Reader Response to Joyce's The Dead
James Joyce's story "The Dead" has a tremendous impact on the
readers, especially those who are familiar with the political situation in
Ireland at the time about which the Joyce wrote the final story in
Dubliners. In exploring the meaning of James Joyce's long short-story,
"The Dead", there are many critical approaches to take. Each approach
gives readers a lens, a set of guidelines through which to examine and
express ideas of the meaning of "The Dead." Joyce himself said that the
idea of paralysis was the intended theme of all the stories in The Dubliners
of which "The Dead" is the final story.
Of all critical approaches, reader
response works best for me. This approach examines the images, symbols,
point-of-view, characterization and setting of "The Dead" in such a way as
to reveal the theme of paralysis that Joyce intended. The two characters
that appeal to me are, Gabriel and his wife Gretta who are invited every
year to a family gathering by Gabriels two aunts on New Years eve. Gabriel,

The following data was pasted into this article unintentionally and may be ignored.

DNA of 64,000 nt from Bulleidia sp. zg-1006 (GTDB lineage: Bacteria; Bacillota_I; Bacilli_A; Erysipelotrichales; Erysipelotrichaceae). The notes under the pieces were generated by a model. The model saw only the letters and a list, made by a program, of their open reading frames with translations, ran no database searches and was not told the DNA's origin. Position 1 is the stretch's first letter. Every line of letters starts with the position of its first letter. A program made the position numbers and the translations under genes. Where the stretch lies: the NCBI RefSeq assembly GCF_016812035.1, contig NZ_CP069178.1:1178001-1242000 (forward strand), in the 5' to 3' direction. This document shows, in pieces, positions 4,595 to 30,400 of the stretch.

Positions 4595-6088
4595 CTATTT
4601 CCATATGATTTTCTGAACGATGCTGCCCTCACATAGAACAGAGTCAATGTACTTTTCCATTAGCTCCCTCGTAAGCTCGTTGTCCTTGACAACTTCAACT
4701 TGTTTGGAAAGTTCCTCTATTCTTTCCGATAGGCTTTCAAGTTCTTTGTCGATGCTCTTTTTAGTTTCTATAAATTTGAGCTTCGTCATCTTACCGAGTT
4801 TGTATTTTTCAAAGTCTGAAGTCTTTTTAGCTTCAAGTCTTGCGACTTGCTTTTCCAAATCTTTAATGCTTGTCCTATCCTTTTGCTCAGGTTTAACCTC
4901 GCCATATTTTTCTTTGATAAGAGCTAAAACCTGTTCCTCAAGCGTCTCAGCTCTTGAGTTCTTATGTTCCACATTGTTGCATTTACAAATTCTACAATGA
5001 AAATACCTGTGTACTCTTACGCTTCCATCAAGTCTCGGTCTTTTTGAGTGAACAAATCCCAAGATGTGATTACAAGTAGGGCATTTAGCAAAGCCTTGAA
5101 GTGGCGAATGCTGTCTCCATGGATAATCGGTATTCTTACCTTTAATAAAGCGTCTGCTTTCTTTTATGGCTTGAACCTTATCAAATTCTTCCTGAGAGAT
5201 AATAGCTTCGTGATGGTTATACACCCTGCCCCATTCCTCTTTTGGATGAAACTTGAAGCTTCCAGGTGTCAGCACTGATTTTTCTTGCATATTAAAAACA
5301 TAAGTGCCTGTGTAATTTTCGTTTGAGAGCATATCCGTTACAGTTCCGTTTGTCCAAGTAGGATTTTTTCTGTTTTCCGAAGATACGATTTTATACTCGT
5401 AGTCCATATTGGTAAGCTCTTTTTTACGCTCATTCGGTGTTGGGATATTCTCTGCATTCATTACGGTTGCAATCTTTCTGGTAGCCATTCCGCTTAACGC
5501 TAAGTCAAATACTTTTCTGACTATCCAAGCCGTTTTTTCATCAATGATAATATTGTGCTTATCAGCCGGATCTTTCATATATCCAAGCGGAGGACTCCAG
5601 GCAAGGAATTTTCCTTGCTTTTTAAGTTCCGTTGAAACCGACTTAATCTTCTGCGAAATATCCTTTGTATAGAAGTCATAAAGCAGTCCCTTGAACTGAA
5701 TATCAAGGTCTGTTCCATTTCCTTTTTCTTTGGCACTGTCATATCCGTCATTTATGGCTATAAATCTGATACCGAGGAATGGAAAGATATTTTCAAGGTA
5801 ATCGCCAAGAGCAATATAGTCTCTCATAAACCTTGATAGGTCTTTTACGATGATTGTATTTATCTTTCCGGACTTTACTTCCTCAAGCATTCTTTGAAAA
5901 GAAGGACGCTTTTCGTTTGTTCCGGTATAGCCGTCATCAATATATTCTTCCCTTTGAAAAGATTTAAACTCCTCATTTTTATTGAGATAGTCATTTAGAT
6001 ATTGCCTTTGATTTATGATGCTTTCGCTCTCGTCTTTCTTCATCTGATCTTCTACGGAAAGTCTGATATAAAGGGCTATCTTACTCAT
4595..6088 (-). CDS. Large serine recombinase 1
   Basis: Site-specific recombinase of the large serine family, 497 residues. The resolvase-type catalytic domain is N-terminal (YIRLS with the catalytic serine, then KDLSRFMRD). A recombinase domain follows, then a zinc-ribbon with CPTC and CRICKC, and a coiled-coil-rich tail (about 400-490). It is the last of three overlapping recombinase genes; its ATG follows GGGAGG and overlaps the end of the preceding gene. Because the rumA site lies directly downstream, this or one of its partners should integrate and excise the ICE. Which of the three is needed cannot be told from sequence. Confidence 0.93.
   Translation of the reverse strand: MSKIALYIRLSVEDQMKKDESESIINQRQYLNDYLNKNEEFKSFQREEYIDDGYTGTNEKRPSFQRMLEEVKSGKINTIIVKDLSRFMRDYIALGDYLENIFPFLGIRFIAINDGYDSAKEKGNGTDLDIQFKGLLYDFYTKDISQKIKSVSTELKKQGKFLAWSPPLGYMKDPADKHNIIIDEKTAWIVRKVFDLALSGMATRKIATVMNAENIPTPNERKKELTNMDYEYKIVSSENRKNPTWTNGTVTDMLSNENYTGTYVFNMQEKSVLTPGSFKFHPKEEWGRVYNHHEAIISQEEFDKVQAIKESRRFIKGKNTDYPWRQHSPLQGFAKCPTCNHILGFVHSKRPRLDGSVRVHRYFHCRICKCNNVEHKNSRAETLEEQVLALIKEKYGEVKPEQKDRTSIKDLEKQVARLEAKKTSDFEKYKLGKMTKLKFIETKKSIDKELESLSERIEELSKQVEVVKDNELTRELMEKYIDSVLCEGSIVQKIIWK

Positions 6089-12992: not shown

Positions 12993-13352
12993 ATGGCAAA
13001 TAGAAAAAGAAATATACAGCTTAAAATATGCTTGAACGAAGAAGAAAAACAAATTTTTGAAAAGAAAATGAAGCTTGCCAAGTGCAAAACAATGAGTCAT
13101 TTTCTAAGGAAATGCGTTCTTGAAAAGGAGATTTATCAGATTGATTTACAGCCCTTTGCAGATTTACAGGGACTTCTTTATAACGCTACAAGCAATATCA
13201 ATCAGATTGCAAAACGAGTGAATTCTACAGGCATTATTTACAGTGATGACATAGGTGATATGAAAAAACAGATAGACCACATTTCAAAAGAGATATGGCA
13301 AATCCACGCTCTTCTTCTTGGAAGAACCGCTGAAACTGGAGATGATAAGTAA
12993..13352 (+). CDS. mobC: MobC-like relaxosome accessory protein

who is a university professor, does not want to be identified with Ireland.
He wants to be identifies as a citizen of the world. His arrogance is
revealed in his interaction with others. A
primary example would be the way he treats his wife Gretta as an object.
As Peter J. Rabinowitz informs one that in reader response
criticism the "...activity of reading always alters the text at hand. Unless
we are limiting ourselves to reading in the sense of uninflected recitation,
reading is never a passive activity to which the reader contributes nothing.
In the reader response criticism, reading is a text in which individual
experiences bear on the subject. Every individual interprets the text
differently due to one having different experiences that determines the
interpretation of the text. (138)
The images reflect Gabriels ego in a sense, at the same for his
marital relationship, and at the end death, which may not be physical but
spiritual. Gabriel who is tallish and stout symbolizes authority and also
wants to be perfect for all times. He has a mental block, which makes him
believe that he is more superior and different than others are. He's built
a screen around himself, which stops him from identifying himself with the
"Common Man." The "...polished lenses and the bright gilt rims of the
glasses which screened his delicate and restless eyes...."(23,24). This
image perhaps tells us that the glasses are the screen that partition his
vision from the vision of others.
Joyce's intended theme of paralysis is exemplified in the
symbolization of snow. In the story, snow has a major role as it
symbolizes the political situation at the same time where everything was
cold and dead due to...